Flavoring the Water

One great way to get your equine companions to drink more water this winter is by adding a touch of flavoring to their troughs. Many horses have a sweet tooth (like me!) and would be more motivated to drink knowing there was a slightly sweet reward in it for them. We love the Gallagher’s Water for our horses and it really does the trick. Formulated to encourage water consumption, Gallagher’s Water is made with premium, human-grade ingredients such as alfalfa and minerals to aide in re-hydration.

Other inconspicuous ways to add a little sweetness to your horse’s water is by using incremental amounts of apple juice, apple cider, a fruity sports drink, or even a small peppermint candy.

 

Salt: A Winter Necessity

Salt is a critical component in maintaining homeostasis in horses. Introducing salt supplements into your horse’s diet can help maintain the balance of essential minerals and encourage increased water consumption. On average, most horses require about 12 grams of salt per day. One way to achieve this in your horse’s winter diet is either by introducing free choice loose salt and/or a Himalayan salt block. We prefer Himalayan salt blocks over traditional salt blocks as they’re much gentler on a horse’s tongue. You could also sprinkle a bit of salt on their feed as well, but as always, consult with a veterinarian before adding supplements to your horse’s diet as individual needs may vary.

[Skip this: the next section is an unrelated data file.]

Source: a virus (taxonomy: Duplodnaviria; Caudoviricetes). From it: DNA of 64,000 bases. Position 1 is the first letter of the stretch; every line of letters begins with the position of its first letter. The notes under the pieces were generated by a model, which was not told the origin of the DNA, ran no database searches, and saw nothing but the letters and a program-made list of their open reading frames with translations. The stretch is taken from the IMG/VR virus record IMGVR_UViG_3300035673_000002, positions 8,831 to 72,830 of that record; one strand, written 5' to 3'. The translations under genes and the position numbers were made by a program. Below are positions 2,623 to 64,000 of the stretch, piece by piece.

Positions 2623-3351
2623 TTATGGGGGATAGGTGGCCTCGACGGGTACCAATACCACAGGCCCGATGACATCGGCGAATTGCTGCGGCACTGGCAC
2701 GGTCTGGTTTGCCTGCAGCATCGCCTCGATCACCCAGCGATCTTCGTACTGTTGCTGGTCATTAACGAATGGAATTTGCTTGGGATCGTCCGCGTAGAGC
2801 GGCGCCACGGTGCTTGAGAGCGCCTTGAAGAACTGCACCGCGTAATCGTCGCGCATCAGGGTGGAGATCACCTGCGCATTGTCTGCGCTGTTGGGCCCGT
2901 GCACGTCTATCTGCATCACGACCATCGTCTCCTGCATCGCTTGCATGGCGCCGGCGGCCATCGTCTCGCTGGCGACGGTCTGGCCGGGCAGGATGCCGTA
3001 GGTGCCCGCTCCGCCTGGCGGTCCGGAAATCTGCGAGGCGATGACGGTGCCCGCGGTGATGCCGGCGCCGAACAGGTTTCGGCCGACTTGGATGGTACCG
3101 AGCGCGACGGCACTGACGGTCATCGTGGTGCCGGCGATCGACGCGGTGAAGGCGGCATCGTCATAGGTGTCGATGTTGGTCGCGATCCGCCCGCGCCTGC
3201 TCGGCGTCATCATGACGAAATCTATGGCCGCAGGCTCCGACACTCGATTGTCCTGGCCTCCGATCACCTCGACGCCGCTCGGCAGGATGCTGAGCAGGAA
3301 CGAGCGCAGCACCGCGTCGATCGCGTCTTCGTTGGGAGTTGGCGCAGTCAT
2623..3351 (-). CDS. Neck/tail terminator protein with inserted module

Maintain a Balanced Diet

Ensuring your horse receives a well-balanced diet is crucial for overall health, and this holds especially true in winter. A diet fortified with vitamins, minerals and calories helps to support the immune system, promotes optimal bodily functions and may contribute to a more hydrated horse. Working with a nutrition consultant to tailor a winter diet plan that meets your horse’s specific needs can be helpful.

 

Monitoring Hydration

Being an attentive equestrian means keeping a keen eye on your horse’s overall well-being. Regularly monitor your horse for signs of dehydration, such as sunken eyes, dark-colored urine, dry or dark gums, and lethargy. Proper hydration is essential for digestion, joint health, and temperature regulation, so don’t overlook the importance of staying vigilant. Note: the skin-pinch test, the once commonly tried and true test for dehydration, is no longer considered a clear indicator of hydration levels so keep this in mind. 

 

By providing access to unfrozen water, strategically placing water sources, encouraging water consumption through diet, flavoring the water and paying close attention to hydration indicators, we can all ensure our horses thrive during these seemingly endless winter months. Though it may be a season of challenges, with a bit of expert care and dedication, our horses can enjoy the beauty of the season while staying well-hydrated and happy.